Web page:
Influenza, Child

Influenza (‘the flu') is a viral infection of the respiratory tract. It occurs in outbreaks every year, usually in the cold months.


Influenza is caused by a virus. There are three types of influenza: A, B and C. It is very contagious. This means it spreads easily to others. Influenza spreads in tiny droplets caused by coughing and sneezing. It usually spreads from person to person. People can pick up influenza by touching something that was recently contaminated with the virus and then touching their mouth or nose.

This virus is contagious one day before symptoms appear. It is also contagious for up to five days after becoming ill. The time it takes to get sick after exposure to the infection (incubation period) can be as short as 2 to 3 days.


Symptoms can vary depending on the age of the child and the type of influenza. Your child may have any of the following:

  • Fever.

  • Chills.

  • Body aches.

  • Headaches.

  • Sore throat.

  • Runny and/or congested nose.

  • Cough.

  • Poor appetite.

  • Weakness, feeling tired.

  • Dizziness.

  • Nausea, vomiting.

The fever, chills, fatigue and aches can last for up to 4 to 5 days. The cough may last for a week or two. Children may feel weak or tire easily for a couple of weeks.


Diagnosis of influenza is often made based on the history and physical exam. Testing can be done if the diagnosis is not certain.


Since influenza is a virus, antibiotics are not helpful. Your child's caregiver may prescribe antiviral medicines to shorten the illness and lessen the severity. Your child's caregiver may also recommend influenza vaccination and/or antiviral medicines for other family members in order to prevent the spread of influenza to them.

Annual flu shots are the best way to avoid getting influenza.


  • Only take over-the-counter or prescription medicines for pain, discomfort, or fever as directed by your caregiver.

  • DO NOT GIVE ASPIRIN TO CHILDREN UNDER 18 YEARS OF AGE WITH INFLUENZA. This could lead to brain and liver damage (Reye's syndrome). Read the label on over-the-counter medicines.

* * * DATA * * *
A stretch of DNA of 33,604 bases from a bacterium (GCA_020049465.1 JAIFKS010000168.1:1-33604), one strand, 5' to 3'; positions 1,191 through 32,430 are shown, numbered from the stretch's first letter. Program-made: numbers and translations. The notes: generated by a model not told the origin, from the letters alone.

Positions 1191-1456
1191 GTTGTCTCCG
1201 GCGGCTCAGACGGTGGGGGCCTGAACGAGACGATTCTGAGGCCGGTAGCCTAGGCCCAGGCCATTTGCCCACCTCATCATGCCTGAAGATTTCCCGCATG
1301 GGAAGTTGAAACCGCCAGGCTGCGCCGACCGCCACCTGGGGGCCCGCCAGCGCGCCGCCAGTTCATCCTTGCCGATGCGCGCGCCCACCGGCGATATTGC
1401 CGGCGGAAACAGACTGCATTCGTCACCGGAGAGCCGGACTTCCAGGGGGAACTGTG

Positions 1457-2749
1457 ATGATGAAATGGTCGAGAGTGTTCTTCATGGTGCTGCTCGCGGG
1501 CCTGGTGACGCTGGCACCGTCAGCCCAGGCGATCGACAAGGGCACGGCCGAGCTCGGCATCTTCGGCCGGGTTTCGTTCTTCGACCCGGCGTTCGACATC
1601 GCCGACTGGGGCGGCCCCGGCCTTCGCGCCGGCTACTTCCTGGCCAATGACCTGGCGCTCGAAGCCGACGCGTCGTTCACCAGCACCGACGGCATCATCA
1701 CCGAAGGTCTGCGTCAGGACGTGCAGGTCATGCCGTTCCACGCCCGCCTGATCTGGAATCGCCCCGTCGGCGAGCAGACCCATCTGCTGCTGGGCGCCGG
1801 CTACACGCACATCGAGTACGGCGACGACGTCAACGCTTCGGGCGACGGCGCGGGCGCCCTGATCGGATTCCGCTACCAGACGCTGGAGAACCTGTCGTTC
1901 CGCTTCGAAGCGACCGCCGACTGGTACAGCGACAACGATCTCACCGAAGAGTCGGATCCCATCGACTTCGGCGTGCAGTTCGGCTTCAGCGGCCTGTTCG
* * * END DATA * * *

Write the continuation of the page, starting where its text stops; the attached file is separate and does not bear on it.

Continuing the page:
• Use a cool mist humidifier to increase air moisture if you live in a dry climate. Do not use hot steam.

  • Have your child rest until the temperature is normal. This usually takes 3 to 4 days.

  • Drink enough water and fluids to keep your urine clear or pale yellow.

  • Use cough syrups if recommended by your child's caregiver. Always check before giving cough and cold medicines to children under the age of 4 years.

  • Clean mucus from young children's noses, if needed, by gentle suction with a bulb syringe.

  • Wash your and your child's hands often to prevent the spread of germs. This is especially important after blowing the nose and before touching food. Be sure your child covers their mouth when they cough or sneeze.

  • Keep your child home from day care or school until the fever has been gone for 1 day.


  • Your child has ear pain (in young children and babies this may cause crying and waking at night).

  • Your child has chest pain.

  • Your child has a cough that is worsening or causing vomiting.

  • Your child has an oral temperature above 102° F (38.9° C).

  • Your baby is older than 3 months with a rectal temperature of 100.5° F (38.1° C) or higher for more than 1 day.


  • Your child has trouble breathing or fast breathing.

  • Your child shows signs of dehydration:

  • Confusion or decreased alertness.

  • Tiredness and sluggishness (lethargy).

  • Rapid breathing or pulse.

  • Weakness or limpness.

  • Sunken eyes.

  • Pale skin.

  • Dry mouth.

  • No tears when crying.

  • No urine for 8 hours.

  • Your child develops confusion or unusual sleepiness.

  • Your child has convulsions (seizures).

  • Your child has severe neck pain or stiffness.

  • Your child has a severe headache.

  • Your child has severe muscle pain or swelling.

  • Your child has an oral temperature above 102° F (38.9° C), not controlled by medicine.

  • Your baby is older than 3 months with a rectal temperature of 102° F (38.9° C) or higher.

  • Your baby is 3 months old or younger with a rectal temperature of 100.4° F (38° C) or higher.